“The World Crisis and our National Budget”, an article by Dr. Leonel Fernández

October 3, 2022

When Dominican authorities began to prepare the macroeconomic context needed for the formulation of the 2023 National Budget Bill, it was recognized that the growth of the world economy will be lower than initially forecast, going from 4.4 percent to just 3.2 percent.

Furthermore, according to the data, for most countries the estimates made in January 2022 regarding economic growth show negative differences when compared to what was achieved in the second half of this year.

For 2023, world economic growth projections are worse. It is expected that growth will register at a rate of 2.9 percent; and as far as the most advanced nations on the planet are concerned, it is considered that this growth will only reach 1.4 percent.

In short, what these numbers indicate is that the world economy is undergoing a serious crisis.

The origin of this crisis is found in the application of expansive monetary and fiscal policies, as a consequence of the severe contraction experienced by the world economy during the Covid-19 pandemic.

Due to the spread of the pandemic countries were forced to adopt lockdown measures, bringing the global economy to a standstill.

The crash experienced was the largest in a century. The decrease in the capacity to generate wealth was abysmal. Unemployment skyrocketed and a feeling of frustration, helplessness and uncertainty spread everywhere.

Faced with this tragic and gloomy situation, there was only one road ahead: expand public spending by having the central banks issue more money.

That’s how it was done. That is how the Federal Reserve of the United States, the European Central Bank, and the central banks of Latin America decided to proceed. And, of course, the Central Bank of the Dominican Republic followed in their steps.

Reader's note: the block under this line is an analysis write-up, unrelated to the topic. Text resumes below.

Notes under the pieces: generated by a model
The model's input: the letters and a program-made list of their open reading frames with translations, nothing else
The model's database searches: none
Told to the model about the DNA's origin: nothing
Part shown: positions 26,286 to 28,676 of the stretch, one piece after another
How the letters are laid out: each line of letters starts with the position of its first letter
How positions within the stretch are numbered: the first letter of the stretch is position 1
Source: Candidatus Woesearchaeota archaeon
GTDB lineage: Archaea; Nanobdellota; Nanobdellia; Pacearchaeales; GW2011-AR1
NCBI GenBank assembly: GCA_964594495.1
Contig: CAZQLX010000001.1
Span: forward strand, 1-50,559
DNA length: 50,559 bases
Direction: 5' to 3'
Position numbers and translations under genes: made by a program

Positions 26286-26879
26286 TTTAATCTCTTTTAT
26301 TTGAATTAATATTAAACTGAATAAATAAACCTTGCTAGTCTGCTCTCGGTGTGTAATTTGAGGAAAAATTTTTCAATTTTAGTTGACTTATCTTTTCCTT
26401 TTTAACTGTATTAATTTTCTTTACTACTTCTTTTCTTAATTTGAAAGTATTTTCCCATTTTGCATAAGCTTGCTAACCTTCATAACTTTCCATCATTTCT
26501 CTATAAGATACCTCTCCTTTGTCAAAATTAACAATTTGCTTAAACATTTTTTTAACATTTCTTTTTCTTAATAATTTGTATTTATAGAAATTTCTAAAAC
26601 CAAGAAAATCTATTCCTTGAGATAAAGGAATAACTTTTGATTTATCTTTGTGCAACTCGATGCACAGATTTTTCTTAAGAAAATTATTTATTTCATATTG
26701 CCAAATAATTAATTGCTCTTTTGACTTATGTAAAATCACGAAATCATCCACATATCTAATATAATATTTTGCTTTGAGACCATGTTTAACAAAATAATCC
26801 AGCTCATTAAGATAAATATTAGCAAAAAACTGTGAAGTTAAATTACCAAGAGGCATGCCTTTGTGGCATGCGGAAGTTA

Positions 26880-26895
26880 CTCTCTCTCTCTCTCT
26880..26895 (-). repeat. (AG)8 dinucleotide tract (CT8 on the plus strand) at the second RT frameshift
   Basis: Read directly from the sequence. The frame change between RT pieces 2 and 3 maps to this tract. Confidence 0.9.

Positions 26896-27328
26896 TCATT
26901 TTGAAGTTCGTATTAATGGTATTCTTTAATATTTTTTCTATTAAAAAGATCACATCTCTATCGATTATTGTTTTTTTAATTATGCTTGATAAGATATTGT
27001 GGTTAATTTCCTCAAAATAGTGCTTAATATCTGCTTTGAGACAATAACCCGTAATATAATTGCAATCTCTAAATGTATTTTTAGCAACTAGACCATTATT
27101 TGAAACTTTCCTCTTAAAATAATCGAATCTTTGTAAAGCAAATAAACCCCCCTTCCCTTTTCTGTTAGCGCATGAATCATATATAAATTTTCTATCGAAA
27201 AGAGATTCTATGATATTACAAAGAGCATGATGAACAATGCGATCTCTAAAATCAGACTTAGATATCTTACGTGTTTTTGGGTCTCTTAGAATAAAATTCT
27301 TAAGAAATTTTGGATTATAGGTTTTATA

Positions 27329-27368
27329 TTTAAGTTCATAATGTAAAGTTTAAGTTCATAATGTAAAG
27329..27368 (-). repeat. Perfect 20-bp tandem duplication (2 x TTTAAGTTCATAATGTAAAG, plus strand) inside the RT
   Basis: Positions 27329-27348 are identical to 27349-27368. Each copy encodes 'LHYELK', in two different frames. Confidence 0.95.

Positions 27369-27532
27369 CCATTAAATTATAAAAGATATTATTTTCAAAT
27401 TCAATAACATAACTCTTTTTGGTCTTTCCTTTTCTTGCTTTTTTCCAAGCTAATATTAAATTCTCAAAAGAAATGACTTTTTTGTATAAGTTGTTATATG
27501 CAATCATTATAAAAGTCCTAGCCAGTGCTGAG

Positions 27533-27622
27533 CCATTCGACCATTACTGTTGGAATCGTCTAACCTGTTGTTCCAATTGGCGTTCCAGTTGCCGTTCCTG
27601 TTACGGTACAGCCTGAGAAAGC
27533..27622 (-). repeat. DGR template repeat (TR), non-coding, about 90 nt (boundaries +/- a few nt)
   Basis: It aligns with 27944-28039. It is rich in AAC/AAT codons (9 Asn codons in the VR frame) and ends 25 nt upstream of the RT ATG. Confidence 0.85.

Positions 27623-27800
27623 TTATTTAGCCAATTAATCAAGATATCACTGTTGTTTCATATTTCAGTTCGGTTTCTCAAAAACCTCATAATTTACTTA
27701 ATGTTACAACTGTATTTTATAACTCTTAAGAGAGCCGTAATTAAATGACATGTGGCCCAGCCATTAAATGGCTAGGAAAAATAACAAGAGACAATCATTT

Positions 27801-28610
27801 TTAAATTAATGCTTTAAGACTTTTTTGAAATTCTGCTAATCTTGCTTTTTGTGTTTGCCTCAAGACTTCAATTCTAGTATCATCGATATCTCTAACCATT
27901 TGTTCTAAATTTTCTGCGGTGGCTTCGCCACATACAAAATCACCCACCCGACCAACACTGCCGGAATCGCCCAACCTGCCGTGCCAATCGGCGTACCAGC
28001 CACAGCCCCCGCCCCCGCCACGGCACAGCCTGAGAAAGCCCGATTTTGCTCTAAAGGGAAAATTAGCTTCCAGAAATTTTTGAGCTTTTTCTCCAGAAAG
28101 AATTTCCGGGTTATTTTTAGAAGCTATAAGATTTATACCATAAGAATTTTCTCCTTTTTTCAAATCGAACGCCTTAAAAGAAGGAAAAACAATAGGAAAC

Unexpected Consequences

What central banks around the world did – that is, to issue money that would provide much-needed oxygen to dying economies – was entirely correct.

The outstanding weakness seemed to lie in not having adequately calculated the magnitude or dimension of the resources that could be assimilated by the markets.

However, the economies overheated. This is so, especially if one takes into consideration that the United States, starting with the financial crisis of 2008 until the beginning of the pandemic in 2020 – that is for 12 consecutive years – continued with its policy of monetary expansion.

So that enormous amount of money, destined to finance social policies and stimulate the reactivation of economic growth, ended up becoming the fundamental cause of the inflation that was unleashed, the highest recorded in the last 40 years.

Furthermore, other factors were added that also explain the current rise in prices, such as the disruption of global production and distribution chains, the increase in sea freight, and the war between Russia and Ukraine.

However, faced with the specter of inflation, the central banks, in principle – starting with the US Federal Reserve – did not react in a timely manner. They believed that it was something transitory, that the situation would soon disappear.

But this is not what has occurred. Current inflation rates have proven to be particularly persistent, defying the world’s monetary authorities.